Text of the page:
iOS for C# Developer - part 4: Xcode

 Date: September 19, 2014

This post is part of the series: iOS for C# Developer. Previous parts:

C# developers works with Visual Studio. Recently, some are trying to switch to SublimeText. However, I will assume that you, as C# Developer are familiar with VS. To write iOS applications, you need Xcode. I haven't heard about nobody who created an working app in a different editor (more advanced than Hello World).

In this post I would like to provide a few tips that will help you to get started and be productive.

The first thing that is worth to mention is the fact that Xcode is free. You cannot test you apps on the iPhone or iPad before you pay $99 though. You need to be satisfied with simulator.

Key shortcuts

For the beginning, remember three:

  • ⇧ + ⌘ + O - quick open (equivalent to CTRL+, in VS2013 or CTRL+T in ReSharper)
  • ⌥ + click - jump to documentation (when clicked on class/interface)
  • ⌘ + L - jump to specified line of code

This three will definitely help you to get productive at the beginning. You can find more in this cheat-sheet.


In order to debug application in VS, you have to run it in debug mode. In Xcode, when you run the app on emulator it is always in debug mode. Thus, you just need to set the break-point (by mouse click on the line number, like in VS, or by ⌘ + \ shortcut) and run the app (⌘ + R). Once break-point is reached you can step over (F6), step into (F7) or step out (F8).

Very useful during debugging is dumping objects into console with NSLog function:


This outputs, e.g., JSON string to the console, which allows you to inspect it.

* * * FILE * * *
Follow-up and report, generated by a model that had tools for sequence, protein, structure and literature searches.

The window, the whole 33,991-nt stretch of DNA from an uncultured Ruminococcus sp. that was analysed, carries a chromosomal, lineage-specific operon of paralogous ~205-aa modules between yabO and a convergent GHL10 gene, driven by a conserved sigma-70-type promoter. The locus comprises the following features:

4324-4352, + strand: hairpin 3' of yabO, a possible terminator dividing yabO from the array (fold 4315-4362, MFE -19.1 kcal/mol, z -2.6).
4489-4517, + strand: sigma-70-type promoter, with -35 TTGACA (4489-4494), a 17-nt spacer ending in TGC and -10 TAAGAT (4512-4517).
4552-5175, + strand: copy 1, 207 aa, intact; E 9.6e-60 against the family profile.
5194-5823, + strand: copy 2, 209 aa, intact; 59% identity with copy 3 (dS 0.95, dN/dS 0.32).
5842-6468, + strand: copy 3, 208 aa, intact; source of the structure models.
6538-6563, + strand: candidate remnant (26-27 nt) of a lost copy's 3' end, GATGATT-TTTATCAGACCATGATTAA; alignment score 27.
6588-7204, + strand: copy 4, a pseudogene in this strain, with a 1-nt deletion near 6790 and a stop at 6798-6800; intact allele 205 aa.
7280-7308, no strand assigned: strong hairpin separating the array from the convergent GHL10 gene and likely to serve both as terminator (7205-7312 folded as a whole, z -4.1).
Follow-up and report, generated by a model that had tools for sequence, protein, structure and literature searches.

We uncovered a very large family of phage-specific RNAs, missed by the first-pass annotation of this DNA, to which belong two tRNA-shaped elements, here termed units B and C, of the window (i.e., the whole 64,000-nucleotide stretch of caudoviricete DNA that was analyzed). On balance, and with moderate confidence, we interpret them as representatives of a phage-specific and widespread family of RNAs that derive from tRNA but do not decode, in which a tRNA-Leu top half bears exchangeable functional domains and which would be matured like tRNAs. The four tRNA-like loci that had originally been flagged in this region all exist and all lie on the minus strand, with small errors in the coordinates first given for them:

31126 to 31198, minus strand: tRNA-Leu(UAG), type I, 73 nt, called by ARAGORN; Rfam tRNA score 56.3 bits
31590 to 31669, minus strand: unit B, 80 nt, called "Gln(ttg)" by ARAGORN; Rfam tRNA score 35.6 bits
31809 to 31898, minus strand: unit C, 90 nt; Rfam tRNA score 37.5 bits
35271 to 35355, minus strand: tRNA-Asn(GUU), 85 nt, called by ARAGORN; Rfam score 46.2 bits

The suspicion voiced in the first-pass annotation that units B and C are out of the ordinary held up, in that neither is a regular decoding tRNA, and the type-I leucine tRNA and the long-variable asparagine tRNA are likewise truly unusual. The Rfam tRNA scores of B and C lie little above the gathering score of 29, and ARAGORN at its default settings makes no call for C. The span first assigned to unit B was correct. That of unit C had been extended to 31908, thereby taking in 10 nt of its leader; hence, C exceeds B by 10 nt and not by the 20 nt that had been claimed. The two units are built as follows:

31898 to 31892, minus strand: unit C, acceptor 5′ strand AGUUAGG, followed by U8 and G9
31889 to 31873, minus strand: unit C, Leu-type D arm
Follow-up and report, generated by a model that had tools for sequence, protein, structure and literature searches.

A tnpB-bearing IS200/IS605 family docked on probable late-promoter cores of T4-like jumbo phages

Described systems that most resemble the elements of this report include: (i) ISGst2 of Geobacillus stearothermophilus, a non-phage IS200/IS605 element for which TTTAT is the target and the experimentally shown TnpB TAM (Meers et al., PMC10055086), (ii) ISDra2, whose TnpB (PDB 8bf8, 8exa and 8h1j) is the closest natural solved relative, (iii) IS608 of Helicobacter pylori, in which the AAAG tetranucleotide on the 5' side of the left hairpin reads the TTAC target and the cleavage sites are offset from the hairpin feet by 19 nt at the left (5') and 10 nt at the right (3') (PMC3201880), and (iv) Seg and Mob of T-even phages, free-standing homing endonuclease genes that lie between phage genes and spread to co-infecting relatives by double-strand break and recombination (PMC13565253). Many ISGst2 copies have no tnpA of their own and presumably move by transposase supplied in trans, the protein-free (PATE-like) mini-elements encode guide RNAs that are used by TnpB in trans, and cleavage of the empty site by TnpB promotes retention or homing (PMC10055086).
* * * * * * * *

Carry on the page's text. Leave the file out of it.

To get more flavor of debugging, check Apple documentation and Brian Moakley's blog post.


The latest version of Xcode (v6), which introduce support for Swift language, adds also very handy feature: Playgrounds. It allows you write and test simple Swift programs, without using iOS emulator. Playgrounds are useful especially, when you are testing some complex logic. They are very powerful. You can use them even to test drawing (still without running iOS emulator). To see it in action, check this demo.


Xcode is very nice IDE. Works very smooth, and breaks very rarely. I wish there was more code snippets (like it is in Visual Studio, especially with ReSharper or WebEssentials). Xcode could also adapt rich debugging experience from VS (e.g., inspecting object variable after moving mouse pointer in top of them). I find it hard to work with this IDE on small screen (like MacBook display). To get comfortable, I need at least 22-24". But that is just my opinion. What do you think?

 Tags:  programming

⏪ iOS for C# Developer - part 3: multithreading

Azure tutorials to get started ⏩